Jani Brajkovic doesn’t think he can win in Colorado, but might try his luck in adopted hometown of Boulder

The Astana rider likes Colorado: "The people are so nice and they treat me very well"

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TELLURIDE, Colorado (VN) — Tom Danielson, Tejay van Garderen and Taylor Phinney are all riders with strong Colorado ties that are in the Four Corners this weekend to kick off the 2012 USA Pro Challenge.

But another man, Jani Brajkovic (Astana), is launching into what could well be described as his home-away-from-home race.

“I do spend a lot of time here; the people are so nice and they treat me very well,” Brajkovic told VeloNews on Sunday outside his dormitory on the Fort Lewis College campus. “This is definitely my second favorite race of the year, behind the Tour de France.”

Brajkovic, ninth in the Tour after crashing hard the day before the final time trial, spends a good deal of time in Boulder, training alone and working with his coach, Dirk Friel, and physiologist Iñigo San Millan. The Slovenian enters the Pro Challenge with his eyes on a top-five overall result and tipped another of his Colorado cohorts as the top favorite.

“I have to be realistic and honest. I don’t think I can win the race,” he said when asked about his goals in Colorado this week.

“This race will go down to the seconds, and for me, I would have to have at least 40 seconds to Tejay (before the final time trial), because he is the number one favorite.”

Brajkovic, 28, has seen van Garderen develop at the sport’s top level. In 2010, it was Brajkovic that won the Critérium du Dauphiné when the American was third overall, behind Alberto Contador. In the 2012 Tour, Brajkovic chased van Garderen’s teammate Cadel Evans for sixth overall — one place behind the American — before his untimely crash erased any hope of moving up on GC.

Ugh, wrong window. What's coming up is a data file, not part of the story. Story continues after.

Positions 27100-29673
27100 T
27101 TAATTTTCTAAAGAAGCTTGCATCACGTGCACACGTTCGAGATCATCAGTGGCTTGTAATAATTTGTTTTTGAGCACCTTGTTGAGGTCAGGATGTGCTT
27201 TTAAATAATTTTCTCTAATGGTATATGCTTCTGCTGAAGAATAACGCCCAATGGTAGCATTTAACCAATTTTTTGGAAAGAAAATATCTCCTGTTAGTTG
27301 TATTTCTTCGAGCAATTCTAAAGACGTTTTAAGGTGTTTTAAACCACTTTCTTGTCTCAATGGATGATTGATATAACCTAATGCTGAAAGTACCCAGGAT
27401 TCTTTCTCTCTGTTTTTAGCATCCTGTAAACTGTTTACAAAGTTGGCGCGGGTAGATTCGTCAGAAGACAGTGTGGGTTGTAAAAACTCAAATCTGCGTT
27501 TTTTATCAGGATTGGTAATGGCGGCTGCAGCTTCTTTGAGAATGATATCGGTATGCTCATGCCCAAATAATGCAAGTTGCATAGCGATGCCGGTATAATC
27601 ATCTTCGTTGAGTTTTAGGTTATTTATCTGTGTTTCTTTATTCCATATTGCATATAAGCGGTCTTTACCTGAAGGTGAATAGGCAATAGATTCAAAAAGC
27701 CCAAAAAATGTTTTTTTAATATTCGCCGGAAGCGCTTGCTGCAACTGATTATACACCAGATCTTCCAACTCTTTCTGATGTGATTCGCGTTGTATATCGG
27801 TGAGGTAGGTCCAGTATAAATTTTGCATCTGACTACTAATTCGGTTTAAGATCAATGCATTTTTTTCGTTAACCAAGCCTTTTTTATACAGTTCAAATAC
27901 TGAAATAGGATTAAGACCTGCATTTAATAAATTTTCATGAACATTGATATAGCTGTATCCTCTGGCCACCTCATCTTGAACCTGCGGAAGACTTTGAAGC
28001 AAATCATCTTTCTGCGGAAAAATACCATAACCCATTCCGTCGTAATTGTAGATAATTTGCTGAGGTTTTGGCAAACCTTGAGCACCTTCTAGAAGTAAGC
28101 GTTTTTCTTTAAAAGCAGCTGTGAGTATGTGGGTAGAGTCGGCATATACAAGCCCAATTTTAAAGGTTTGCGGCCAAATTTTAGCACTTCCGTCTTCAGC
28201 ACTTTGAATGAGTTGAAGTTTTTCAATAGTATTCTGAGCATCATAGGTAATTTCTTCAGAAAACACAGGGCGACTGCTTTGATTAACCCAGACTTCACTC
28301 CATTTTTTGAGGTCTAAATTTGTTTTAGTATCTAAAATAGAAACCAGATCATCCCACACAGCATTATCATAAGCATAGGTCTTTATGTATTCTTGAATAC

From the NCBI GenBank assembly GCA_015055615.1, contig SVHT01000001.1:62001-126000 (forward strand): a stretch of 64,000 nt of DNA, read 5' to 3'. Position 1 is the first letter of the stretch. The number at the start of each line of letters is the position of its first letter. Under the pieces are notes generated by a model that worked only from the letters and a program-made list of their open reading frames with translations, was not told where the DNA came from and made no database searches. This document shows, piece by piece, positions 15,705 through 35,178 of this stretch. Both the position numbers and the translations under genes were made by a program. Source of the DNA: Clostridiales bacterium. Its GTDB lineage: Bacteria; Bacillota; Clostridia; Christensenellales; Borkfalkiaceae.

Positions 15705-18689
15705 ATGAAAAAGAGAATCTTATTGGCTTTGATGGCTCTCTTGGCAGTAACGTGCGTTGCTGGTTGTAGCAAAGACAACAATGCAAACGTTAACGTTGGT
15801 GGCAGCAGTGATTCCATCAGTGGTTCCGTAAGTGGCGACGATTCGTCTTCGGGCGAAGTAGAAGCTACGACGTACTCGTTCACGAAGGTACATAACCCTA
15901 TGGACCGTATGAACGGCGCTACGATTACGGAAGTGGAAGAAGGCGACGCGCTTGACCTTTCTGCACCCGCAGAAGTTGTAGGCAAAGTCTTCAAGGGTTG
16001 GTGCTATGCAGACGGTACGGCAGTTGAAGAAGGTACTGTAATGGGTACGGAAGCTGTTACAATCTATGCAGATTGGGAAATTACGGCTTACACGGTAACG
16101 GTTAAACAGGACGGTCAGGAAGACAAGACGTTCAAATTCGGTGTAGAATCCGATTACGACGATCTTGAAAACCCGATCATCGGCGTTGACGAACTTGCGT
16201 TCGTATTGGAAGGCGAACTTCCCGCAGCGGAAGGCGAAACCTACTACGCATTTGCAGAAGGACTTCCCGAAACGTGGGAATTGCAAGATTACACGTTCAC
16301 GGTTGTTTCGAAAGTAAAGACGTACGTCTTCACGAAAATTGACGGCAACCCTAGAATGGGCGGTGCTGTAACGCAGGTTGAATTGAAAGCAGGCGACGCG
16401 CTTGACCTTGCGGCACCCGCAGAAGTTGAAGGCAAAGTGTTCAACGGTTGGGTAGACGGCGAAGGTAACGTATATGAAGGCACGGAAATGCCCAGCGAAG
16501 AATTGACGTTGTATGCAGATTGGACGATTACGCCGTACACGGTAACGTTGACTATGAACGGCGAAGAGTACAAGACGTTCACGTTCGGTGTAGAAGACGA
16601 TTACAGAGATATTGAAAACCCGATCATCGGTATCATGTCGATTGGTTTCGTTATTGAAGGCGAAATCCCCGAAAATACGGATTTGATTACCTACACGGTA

“It’s too late now, but I can say that crash cost me sixth,” he said.

Still, ninth was Brajkovic’s career-best grand-tour result. It came a year after he crashed out of the race with a broken collarbone and concussion, but it’s nowhere near his ceiling, he said.

“My focus is on the grand tours,” he said. “I am capable of a top five for sure (next year).”

To do that, Brajkovic said, he must improve his Achilles heel: his time trialing. He lost 2:26 to Bradley Wiggins in the stage 9 TT in this year’s Tour, ceding 1:20 to van Garderen. To do so, the Astana leader wants to increase the amount of work he puts into training efforts, like finding the ideal balance between power and drag and getting a time trial bike to train on at home.

“At RadioShack (during 2010-11), I had a TT bike at home and definitely spent more time TT bike training and that’s why I was maybe faster,” he said.

Brajkovic was eighth in the stage 8 time trial in the 2011 Vuelta a España and fifth in the Grenoble TT at the Dauphiné two months earlier. In fact, Brajkovic took command of the 2010 Dauphiné after winning the third-stage ITT in Sorgues.

In a week, he’ll face another test against the clock, this time in downtown Denver. And though he has spent almost six months in Boulder in recent years, Brajkovic doesn’t know how van Garderen, Danielson and the other Boulder-based pros will fare in the penultimate-stage showdown on Flagstaff Mountain.

“I always train by myself. I don’t know why,” he said. “I like to do what I want, not what other guys want. When you ride with a group, you draft a lot of the time and it’s much easier. I just like to put my head down and chase the numbers on my SRM.”

Brajkovic trained on stage 6’s finish climb during a camp earlier this year and knows the numbers he’s capable of on the 6.9km Flagstaff ascent. He’ll hope to be there, alone, on the front of the race, chasing numbers on his SRM above his adopted second hometown of Boulder.


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